What does Kanté’s move to a holding midfielder mean for Lampard’s system going forwards?

Image Source: Daily Mail

When Chelsea kicked off against Aston Villa following the break in the 2019/20 season, there was one selection more than any other that raised eyebrows. It wasn’t the inclusion of Ruben Loftus-Cheek on the left wing, or even Olivier Giroud ahead of the fit-again Tammy Abraham at centre forward: it was N’Golo Kanté playing as a holding midfielder. To many casual fans, this has always been his strongest position, but in reality he hasn’t played there since the disastrous 3-0 defeat at the Emirates in September 2016, when Mesut Özil gave him a torrid time (after the match Antonio Conte famously changed to a 3-4-3 formation which won Chelsea the league, with Kanté crucial in a midfield pivot). Subsequently the Frenchman has started against Manchester City, Leicester and West Ham in the same position. So what does this tactical shift mean going forwards for Frank Lampard’s side?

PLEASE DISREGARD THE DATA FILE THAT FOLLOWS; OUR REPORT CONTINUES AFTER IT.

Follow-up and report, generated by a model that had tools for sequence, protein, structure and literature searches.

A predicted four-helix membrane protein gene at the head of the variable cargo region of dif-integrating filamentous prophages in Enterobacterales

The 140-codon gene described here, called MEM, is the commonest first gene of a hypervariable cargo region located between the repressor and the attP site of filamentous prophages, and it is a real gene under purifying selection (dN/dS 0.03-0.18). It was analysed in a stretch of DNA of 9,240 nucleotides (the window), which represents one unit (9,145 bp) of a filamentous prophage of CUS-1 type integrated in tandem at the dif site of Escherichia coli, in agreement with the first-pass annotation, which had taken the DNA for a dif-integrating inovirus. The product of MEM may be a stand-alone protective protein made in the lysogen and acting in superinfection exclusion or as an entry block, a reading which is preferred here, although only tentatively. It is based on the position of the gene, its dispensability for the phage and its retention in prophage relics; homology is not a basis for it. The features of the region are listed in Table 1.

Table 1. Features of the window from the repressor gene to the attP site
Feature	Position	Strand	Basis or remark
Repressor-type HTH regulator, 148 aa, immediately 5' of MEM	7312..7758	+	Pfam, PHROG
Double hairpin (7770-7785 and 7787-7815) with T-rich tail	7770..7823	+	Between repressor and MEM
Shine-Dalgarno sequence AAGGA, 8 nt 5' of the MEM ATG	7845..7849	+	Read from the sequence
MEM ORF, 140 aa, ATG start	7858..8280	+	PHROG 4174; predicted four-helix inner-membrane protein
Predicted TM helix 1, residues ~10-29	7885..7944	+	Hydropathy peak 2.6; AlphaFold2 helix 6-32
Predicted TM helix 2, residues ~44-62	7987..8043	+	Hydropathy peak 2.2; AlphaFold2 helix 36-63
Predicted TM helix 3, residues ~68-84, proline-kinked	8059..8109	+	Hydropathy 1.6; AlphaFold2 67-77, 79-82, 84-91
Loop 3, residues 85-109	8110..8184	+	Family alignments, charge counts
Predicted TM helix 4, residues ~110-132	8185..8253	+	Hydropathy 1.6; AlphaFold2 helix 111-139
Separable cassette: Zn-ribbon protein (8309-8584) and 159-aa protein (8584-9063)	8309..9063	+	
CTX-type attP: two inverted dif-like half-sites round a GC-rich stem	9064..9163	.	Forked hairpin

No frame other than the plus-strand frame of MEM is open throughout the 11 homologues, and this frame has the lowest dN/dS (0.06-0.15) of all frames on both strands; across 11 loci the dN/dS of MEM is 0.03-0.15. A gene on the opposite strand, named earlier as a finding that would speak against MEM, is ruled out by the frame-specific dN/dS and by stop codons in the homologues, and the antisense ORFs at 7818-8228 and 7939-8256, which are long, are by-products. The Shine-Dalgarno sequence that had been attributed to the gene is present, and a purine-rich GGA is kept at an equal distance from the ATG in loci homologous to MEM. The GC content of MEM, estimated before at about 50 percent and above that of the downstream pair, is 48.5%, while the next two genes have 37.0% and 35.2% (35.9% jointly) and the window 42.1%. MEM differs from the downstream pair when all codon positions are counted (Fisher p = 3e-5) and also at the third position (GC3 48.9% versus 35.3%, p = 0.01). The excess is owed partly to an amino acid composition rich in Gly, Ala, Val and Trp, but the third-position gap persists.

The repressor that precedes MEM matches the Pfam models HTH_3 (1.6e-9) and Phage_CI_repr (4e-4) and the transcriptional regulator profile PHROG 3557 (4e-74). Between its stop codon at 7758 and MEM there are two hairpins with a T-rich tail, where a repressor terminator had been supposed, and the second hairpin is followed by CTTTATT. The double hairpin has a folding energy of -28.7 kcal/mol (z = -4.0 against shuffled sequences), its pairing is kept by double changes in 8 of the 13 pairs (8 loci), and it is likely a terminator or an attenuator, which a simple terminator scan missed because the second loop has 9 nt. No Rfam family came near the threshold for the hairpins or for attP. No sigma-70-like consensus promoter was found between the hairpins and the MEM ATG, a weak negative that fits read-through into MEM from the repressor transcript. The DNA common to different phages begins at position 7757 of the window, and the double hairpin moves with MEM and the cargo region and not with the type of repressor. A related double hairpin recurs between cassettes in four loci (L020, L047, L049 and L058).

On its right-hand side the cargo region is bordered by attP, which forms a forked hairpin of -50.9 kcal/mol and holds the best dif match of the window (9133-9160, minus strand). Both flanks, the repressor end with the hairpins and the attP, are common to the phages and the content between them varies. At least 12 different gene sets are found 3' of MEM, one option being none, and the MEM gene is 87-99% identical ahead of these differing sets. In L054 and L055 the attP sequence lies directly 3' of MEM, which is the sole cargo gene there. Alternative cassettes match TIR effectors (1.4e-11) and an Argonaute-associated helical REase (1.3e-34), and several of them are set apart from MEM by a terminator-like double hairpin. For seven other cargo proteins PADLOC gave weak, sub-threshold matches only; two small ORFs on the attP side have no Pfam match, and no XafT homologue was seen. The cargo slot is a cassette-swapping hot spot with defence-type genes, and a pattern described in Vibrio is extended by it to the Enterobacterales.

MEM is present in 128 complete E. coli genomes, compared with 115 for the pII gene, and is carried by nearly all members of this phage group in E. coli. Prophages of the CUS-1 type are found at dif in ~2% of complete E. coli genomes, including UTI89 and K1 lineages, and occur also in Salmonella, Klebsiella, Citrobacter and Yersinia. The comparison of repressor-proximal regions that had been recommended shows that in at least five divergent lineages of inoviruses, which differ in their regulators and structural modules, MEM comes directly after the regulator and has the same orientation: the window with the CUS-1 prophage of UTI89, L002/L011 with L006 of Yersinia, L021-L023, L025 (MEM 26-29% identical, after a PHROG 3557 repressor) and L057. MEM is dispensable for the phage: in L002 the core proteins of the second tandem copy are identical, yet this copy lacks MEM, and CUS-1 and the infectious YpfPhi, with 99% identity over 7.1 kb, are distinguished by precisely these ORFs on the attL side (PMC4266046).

When Lampard was unveiled as the new Chelsea manager back in the summer of 2019, he was asked whether he knew where he would play Kanté this season, replying, “yeah I do, thankfully”. Following the switch to a 4-3-3 from a 3-4-3 after the appointment of Maurizio Sarri in 2018, Kanté was shifted from his preferred role in a midfield pivot to a more attacking-minded number 8 in a midfield three, a move which angered fans and caused debates around the footballing world. So everyone was keen to see what Lampard thought his best position was, and from the answer he gave, many inferred that Lampard would play him in a pivot. However, following the 4-0 opening day drubbing by Manchester United (Kanté was only fit enough to come off the bench) where Chelsea played a midfield pivot in a 4-5-1, Lampard has reverted to the 4-3-3 preferred by his predecessor, and in doing so has played Kanté in the same role.